New measures to tackle
AN environmental crime hotline and a
crackdown on late night takeaways that don't clear litter from outside their
premises are among new measures set to be introduced to tackle blight in
It is the latest in a series of measures being proposed following a request from
Mayor Joe Anderson for action to make Liverpool cleaner and greener.
The hotline will enable residents to provide information in confidence to help
the City Council catch individuals involved in environmental offences such as
fly tipping, litter and dog fouling; and they may be eligible for a reward if it
leads to penalties or charges.
There will also be a crackdown on late night takeaways that don't take steps to
reduce the amount of litter around their premises; with persistent offenders
having their license conditions reviewed and their opening hours reduced.
It follows a doubling in the number of staff tackling fly tipping and cleaning
alleyways, with 4 new teams working 7 days a week. The work; focused initially
on Kensington - is being followed up with pest control to tackle rodents, and
education and enforcement activity to support residents to keep areas clean.
The enforcement team have also been supplied with hidden cameras to gather
evidence in fly tipping hotspots and issue ?400 fixed penalty notices to
Mayor Joe Anderson said:- "We are absolutely determined to tackle the
curse of litter and fly tipping which blights some parts of our City and are in
this for the long haul.
We are doing our bit by investing more in clearing the backlog of rubbish in
alleyways and following this up with support to help make sure people dispose of
their waste sensibly. But on the flip side, we will not hesitate to take
enforcement action where we are able to act on information, whether it is
provided confidentially by members of the public or from investigations carried
out by our staff.
Our residents deserve to live in a clean and green environment and not have it
trashed by residents and landlords who think it is someone else's responsibility
to clear up their mess. If someone provides us with information that leads to
prosecution, it is right and proper that we provide some kind of reward for that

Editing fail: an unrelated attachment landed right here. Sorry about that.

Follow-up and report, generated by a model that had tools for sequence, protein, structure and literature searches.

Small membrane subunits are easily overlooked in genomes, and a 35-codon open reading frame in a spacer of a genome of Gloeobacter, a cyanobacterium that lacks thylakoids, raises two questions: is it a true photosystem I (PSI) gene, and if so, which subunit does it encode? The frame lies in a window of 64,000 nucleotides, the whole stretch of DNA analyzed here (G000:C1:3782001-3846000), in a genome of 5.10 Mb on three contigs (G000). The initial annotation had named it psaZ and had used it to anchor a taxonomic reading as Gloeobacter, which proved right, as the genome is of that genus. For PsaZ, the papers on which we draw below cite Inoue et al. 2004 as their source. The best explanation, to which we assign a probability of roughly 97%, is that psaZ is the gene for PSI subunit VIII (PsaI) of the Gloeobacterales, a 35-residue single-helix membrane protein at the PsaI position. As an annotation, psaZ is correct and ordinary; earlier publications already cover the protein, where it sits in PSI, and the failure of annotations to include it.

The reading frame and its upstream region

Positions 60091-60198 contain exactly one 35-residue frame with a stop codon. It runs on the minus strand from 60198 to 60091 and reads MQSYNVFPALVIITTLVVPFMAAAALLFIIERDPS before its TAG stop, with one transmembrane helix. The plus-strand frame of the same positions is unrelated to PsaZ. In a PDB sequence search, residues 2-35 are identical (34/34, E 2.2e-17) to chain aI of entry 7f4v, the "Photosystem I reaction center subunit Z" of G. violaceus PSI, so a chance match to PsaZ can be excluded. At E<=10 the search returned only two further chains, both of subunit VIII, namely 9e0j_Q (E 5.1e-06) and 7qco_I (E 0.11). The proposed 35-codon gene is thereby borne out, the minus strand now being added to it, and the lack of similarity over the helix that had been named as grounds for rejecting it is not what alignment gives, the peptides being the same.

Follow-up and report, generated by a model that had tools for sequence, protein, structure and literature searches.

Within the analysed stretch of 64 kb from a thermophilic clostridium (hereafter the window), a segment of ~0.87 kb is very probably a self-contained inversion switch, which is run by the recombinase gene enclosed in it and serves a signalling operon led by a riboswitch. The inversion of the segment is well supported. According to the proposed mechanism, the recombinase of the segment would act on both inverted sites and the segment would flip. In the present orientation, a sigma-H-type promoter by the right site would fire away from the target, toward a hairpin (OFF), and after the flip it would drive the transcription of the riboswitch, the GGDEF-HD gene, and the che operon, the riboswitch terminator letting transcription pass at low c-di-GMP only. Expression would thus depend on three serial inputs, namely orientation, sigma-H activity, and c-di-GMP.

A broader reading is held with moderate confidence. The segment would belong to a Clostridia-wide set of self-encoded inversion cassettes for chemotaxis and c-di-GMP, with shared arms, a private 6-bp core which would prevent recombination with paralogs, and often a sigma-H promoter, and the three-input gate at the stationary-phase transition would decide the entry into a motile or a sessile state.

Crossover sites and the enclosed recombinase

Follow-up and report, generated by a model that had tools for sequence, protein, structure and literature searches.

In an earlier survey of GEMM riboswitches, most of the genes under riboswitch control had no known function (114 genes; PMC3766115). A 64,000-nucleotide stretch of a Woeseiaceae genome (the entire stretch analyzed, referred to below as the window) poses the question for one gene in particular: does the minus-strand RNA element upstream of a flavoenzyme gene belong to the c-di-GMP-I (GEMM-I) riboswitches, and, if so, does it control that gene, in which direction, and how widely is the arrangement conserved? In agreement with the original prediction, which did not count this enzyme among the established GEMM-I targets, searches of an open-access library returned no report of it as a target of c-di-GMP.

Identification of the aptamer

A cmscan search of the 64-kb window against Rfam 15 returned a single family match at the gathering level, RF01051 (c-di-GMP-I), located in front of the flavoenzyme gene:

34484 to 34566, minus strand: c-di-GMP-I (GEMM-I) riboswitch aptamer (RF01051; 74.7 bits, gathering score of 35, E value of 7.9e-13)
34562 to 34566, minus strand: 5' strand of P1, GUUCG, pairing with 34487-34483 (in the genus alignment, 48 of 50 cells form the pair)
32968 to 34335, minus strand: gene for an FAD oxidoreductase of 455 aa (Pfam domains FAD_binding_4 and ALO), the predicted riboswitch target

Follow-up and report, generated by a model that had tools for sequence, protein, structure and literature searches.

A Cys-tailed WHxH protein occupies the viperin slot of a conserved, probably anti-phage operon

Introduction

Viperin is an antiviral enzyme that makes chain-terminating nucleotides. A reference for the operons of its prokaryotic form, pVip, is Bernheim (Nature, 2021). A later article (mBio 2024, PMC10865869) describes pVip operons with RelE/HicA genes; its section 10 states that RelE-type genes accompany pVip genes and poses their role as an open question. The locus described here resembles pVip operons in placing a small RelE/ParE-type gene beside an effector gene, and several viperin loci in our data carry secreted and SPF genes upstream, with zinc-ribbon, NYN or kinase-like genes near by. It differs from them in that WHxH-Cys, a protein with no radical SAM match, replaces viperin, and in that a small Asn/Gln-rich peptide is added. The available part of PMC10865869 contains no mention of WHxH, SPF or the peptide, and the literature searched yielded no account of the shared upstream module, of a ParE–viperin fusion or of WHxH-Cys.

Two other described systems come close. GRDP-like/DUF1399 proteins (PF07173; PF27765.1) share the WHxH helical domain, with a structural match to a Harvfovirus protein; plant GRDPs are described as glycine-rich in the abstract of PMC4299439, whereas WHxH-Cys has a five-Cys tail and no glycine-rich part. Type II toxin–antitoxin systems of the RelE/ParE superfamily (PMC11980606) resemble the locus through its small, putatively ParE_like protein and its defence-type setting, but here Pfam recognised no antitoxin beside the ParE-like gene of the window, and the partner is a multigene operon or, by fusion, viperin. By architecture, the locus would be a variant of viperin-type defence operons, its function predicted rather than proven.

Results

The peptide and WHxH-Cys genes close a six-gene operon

if it is deemed appropriate."
Other measures being considered by the Cabinet, on
Friday, 7 July 2017 included:-
► Working with schools to educate children and families about the importance of
minimising waste and recycling more and introducing an annual competition with
prizes for the best ideas.
► Continuing to give environmental grants of up to ?500 for community clean ups,
flower planting and the creation of community gardens.
► Visiting businesses to make sure they are adequately licensed for waste
Funding is coming from efficiency savings made by creating a new arms length
company to operate refuse collection and street cleansing; Liverpool Street
Scene Services Limited.
Councillor Steve Munby, Cabinet member for neighbourhoods, said:- "This
is a comprehensive plan to tackle the issues caused by litter and fly tipping in
Liverpool through a mix of clearance, enforcement and education. We are doing
our very best to show we care for the area to inject pride back in to
neighbourhoods and want that to be reciprocated by people helping us to keep the
City tidy as well."
Work is underway to clean and repair four foot alleyways to improve the storage
of waste, as well as introducing larger recycling sacks, expanding weekly
recycling services for City Centre apartment blocks and piloting weekly
And a team of 14 environmental enforcement officers from Kingdom are issuing ?80
fixed penalty notices to people caught dropping litter.
Street cleaning currently costs Liverpool Council Tax Payers ₤8.5 million per
year and last year more than 6,500 tonnes of waste was collected from street
Earlier this year, 2 serial fly tippers who were caught dumping tonnes of
illegal trade waste, including asbestos, yards from a children's dance school
were jailed following a surveillance operation by the Council and Merseyside